Sunday, 28 March 2010
Adai is one of my favourite breakfast item. It is a traditional, tamilian recipe. My mom used to make it once in a while, especially when we were bored of the routine breakfast. It is made with a mixture of pulses and rice. Pulses are high in fiber, low in fat, contains high quality proteins and high in nutrients. Studies encourage us to include a variety of pulses in our diet rather than using a single type of pulse more often. Each pulse has its unique combination of amino acids and if you eat a combination of pulses you will get all the essential amino acids. This is especially true for vegans since they depend manily on pulses to satisfy their protein requirements.
"Eat breakfast like a king"- sorry friends I have to disagree with this. The above statement held true when our ancestors did lots of manual labour. Most of them worked on agricultural fields. They needed a high calorie breakfast beacuse their work demanded lots of energy expenditure and hence all the calories were utilized efficiently. But now, we are mostly couch potatoes. In such a situation we should never aim to eat like a king at any time of the day. We must eat wisely with calorie consciousness, inorder to escape obesity and it's related disorders. We should always have in mind that diabetic diet is not only good for diabetics but for everyone of us too. I would love to write a seperate topic on this because if I start writing everything here, this topic will never end. But in short you must have a breakfast which contains carbohydrates, proteins and healthy fats in a perfect balance. This will prevent rapid insulin spikes and promotes satiety.
So coming back to adai, it is one of the healthiest breakfast available. With its right combination of carbohydrates and high quality proteins it gives a perfect start for the day. Look at the mixture of pulses which I used for making this adai, colourful isn't it?. We need more colours in our diet. We must include different coloured foods, especially the deep, dark ones. More colourful your diet is, more anti-oxidants you obatin. Anti-oxidants are proven to prevent many age related disorders. Now comes the adai recipe :
Parboiled rice- 11/2 cups
Whole moong dhal
I usually take equal amount of dhal mixture and rice. I take handfuls of all the dhals and mix together. Then take 11/2 cups dhal mixture for 11/2 cups rice. If you like the taste of a particular dhal you can add more of it and decrease the others. But it is healthier to include equal amount of all the dhals.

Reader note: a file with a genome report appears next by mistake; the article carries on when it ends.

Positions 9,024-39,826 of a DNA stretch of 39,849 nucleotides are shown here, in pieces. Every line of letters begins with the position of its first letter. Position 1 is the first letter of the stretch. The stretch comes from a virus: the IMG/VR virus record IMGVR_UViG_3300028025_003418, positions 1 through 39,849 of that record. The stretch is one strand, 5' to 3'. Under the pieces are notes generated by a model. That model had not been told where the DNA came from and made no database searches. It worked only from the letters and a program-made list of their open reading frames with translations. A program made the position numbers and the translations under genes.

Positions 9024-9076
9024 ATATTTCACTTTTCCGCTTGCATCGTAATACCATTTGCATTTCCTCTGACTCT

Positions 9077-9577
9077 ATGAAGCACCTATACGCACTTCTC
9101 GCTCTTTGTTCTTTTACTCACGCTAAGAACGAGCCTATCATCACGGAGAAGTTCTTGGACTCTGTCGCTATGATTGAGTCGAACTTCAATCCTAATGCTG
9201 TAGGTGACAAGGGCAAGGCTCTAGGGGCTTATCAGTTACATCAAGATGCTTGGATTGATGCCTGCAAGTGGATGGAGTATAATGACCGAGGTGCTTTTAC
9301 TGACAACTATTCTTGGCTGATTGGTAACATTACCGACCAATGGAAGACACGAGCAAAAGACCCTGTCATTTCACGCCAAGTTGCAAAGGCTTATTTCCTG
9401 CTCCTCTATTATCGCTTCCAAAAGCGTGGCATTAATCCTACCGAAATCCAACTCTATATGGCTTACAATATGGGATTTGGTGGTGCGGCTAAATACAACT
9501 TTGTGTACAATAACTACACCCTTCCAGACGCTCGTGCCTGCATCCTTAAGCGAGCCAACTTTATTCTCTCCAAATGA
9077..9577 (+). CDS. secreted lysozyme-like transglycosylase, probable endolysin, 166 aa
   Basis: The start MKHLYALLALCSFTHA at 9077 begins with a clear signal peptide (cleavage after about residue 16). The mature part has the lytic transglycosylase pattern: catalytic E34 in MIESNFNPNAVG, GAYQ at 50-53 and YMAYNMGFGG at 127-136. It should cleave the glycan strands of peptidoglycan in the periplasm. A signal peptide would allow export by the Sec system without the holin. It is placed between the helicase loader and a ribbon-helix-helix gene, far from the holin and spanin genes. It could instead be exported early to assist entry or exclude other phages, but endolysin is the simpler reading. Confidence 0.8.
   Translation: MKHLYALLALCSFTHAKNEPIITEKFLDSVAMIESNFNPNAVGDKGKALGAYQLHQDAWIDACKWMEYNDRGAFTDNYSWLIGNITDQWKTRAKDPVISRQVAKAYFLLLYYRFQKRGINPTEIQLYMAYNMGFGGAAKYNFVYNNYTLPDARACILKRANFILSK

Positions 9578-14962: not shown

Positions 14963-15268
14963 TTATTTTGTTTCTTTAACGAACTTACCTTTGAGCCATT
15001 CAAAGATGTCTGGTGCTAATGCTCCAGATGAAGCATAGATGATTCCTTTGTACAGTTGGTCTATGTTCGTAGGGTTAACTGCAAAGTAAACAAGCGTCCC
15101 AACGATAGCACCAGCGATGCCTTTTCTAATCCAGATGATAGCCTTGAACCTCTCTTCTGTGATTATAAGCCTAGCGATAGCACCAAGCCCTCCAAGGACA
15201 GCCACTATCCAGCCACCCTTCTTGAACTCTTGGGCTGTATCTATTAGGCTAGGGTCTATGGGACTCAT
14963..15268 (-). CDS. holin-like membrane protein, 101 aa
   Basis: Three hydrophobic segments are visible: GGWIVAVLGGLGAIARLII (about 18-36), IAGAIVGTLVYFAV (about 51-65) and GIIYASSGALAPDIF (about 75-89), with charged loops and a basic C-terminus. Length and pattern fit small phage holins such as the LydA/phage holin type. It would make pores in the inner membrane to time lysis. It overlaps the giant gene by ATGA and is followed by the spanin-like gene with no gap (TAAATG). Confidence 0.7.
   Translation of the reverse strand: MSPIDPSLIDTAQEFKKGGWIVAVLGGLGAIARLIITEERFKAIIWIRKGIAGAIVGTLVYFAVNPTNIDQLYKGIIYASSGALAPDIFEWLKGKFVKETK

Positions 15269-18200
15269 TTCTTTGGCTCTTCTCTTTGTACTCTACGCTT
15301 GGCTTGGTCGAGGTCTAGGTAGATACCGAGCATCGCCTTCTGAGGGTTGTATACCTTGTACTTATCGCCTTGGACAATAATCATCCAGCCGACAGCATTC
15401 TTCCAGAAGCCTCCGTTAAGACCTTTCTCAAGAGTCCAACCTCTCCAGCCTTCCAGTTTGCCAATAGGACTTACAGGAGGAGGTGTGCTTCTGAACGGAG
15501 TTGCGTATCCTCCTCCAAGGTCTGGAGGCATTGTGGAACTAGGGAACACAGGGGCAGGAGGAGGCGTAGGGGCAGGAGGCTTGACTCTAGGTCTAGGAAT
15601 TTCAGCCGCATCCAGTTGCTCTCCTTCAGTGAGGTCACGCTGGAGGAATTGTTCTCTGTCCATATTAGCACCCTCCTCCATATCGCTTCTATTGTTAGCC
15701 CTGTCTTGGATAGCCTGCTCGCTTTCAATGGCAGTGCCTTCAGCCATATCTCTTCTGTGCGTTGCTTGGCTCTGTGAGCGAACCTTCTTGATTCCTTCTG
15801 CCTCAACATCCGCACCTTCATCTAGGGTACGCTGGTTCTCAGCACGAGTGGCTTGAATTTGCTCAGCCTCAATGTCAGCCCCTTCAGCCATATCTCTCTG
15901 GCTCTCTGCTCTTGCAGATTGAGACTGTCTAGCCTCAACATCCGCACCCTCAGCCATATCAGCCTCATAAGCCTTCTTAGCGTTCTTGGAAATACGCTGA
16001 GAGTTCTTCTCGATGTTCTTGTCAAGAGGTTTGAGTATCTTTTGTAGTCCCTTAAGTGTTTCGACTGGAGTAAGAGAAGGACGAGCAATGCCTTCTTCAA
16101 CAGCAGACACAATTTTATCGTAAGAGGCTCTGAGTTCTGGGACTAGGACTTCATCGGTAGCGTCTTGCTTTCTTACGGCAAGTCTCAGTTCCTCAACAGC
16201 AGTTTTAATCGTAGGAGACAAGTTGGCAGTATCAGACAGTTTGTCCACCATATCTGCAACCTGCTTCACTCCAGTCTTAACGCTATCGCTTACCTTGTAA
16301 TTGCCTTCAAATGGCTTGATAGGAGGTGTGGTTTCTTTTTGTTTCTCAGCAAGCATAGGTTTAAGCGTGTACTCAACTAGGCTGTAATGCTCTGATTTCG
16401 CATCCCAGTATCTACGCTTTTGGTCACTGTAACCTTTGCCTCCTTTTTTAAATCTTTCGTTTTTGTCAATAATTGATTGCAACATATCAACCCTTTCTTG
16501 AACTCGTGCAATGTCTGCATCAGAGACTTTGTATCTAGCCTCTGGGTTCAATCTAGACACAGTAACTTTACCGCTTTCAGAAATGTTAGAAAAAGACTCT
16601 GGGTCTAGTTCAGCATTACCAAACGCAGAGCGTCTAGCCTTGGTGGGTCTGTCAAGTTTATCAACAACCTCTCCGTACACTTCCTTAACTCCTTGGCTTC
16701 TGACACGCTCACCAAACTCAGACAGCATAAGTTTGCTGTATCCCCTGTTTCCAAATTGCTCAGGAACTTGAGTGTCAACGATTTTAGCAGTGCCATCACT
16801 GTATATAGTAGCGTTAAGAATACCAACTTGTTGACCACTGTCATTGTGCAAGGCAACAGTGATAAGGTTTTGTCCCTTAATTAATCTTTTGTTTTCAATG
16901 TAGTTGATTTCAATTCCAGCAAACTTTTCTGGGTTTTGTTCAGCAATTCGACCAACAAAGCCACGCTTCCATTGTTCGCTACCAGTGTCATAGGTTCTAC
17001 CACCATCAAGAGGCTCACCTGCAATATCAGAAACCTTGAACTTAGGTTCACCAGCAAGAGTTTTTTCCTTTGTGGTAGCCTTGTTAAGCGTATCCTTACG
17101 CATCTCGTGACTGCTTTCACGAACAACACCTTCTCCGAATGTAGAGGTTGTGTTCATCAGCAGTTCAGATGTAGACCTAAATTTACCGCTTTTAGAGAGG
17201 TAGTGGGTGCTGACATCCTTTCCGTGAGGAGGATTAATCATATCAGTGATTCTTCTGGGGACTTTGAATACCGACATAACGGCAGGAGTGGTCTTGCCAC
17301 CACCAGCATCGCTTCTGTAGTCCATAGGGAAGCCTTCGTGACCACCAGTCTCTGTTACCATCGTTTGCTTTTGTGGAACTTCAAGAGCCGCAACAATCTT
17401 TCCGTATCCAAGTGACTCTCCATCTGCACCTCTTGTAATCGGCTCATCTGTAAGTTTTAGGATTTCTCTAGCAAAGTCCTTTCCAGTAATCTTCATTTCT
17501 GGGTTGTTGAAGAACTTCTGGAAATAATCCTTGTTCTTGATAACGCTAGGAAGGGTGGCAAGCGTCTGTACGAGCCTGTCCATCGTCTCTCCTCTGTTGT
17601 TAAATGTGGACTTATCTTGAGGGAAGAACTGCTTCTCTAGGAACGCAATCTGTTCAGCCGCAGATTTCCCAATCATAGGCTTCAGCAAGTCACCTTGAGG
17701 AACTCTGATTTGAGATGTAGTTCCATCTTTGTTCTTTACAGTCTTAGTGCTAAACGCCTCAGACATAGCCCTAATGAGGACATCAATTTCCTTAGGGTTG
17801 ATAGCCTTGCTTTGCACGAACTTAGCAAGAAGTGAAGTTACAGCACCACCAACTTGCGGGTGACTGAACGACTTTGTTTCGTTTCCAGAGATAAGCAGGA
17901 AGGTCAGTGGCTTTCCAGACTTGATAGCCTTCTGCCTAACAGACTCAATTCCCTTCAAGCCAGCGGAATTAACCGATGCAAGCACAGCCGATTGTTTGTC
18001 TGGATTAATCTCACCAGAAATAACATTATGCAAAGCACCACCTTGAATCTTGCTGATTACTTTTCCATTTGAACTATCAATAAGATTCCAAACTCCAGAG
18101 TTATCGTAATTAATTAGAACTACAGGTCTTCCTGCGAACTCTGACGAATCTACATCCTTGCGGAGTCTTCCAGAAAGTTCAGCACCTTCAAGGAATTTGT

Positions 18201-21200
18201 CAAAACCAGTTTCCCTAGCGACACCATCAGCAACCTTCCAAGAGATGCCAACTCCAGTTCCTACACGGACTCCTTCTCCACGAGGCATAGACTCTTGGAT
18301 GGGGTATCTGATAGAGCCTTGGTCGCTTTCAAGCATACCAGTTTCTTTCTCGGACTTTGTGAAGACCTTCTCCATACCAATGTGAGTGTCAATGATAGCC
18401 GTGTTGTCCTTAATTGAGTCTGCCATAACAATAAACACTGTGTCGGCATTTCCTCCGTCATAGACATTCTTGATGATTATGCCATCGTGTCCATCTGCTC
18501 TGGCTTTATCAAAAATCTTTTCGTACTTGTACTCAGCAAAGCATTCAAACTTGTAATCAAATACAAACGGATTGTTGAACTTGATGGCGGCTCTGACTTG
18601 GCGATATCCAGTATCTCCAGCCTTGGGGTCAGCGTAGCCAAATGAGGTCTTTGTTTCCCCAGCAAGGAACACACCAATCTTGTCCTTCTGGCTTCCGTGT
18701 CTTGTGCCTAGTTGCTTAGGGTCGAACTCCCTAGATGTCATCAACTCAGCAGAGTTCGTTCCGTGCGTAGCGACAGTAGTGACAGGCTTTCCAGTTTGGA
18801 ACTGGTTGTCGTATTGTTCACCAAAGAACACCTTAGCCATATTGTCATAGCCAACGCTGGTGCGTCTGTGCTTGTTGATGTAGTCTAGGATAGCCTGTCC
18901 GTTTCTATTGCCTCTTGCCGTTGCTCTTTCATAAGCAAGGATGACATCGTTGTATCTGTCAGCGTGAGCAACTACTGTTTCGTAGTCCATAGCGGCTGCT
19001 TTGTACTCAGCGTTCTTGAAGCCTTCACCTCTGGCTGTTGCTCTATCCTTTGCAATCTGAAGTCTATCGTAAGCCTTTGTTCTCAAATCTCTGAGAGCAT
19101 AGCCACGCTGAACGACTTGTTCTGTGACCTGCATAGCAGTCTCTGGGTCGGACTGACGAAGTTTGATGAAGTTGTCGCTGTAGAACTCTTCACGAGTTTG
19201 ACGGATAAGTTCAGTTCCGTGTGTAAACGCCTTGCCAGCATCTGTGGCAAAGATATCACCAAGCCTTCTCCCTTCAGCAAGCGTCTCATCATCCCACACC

Dried red chillies- 10 nos
Garlic- 3 pods
Ginger- an inch piece
Onions- 1 nos
Coconut- 1 big piece of its meat
Oil (preferably gingelly oil)
Soak rice and pulses in water overnight (approx.8 hours). (Why should we soak pulses ?) Then grind them into a smooth batter along with dried red chillies, ginger and garlic. Add enough salt when grinding. Cut onions, curry leaves and coconut into bite sized pieces and mix it with the batter. The batter should be thicker than the dosa batter. You can make adai immediately with this batter or wait for 4 hours before making adai. I would prefer this 4 hours ferementation step because it helps in the digestion process. You can use any oil for frying adai but gingelly oil is preferable. You can use ghee for children. Serve it with a chutney of your choice. I prefer eating adai with coconut chutney.
Taste enhancing tips for this recipe : Try to make the adai healthier by adding a variety of pulses. You can also add vegetables like carrots, cabbage, etc., to the adai batter. Cut vegetables into small pieces and mix it with the batter. Adai should always be on the thicker side. Do not dilute the batter with water and attempt to make a thin pancake. It compromises the native taste greatly. Do not allow it to ferment for more that 4 hours. It gains a sour taste when fermented too long. Sour tasting adais are not so appetizing. Yesterday when my husband complained that it is thick I said to him 'adai should not be like regular dosa'. You should also remember it. You can serve adai with freshly made butter and palm sugar (vellam or bellam). Children will love it. Adai is a fulfilling breakfast. Yesterday when I had an adai for the breakfast, I didn't feel hungry for the next 5 hours. But that shows how slowly it is digested which is very good from the health point of view. Adai is very good for diabetics and for everyone of us too. Happy cooking friends!!!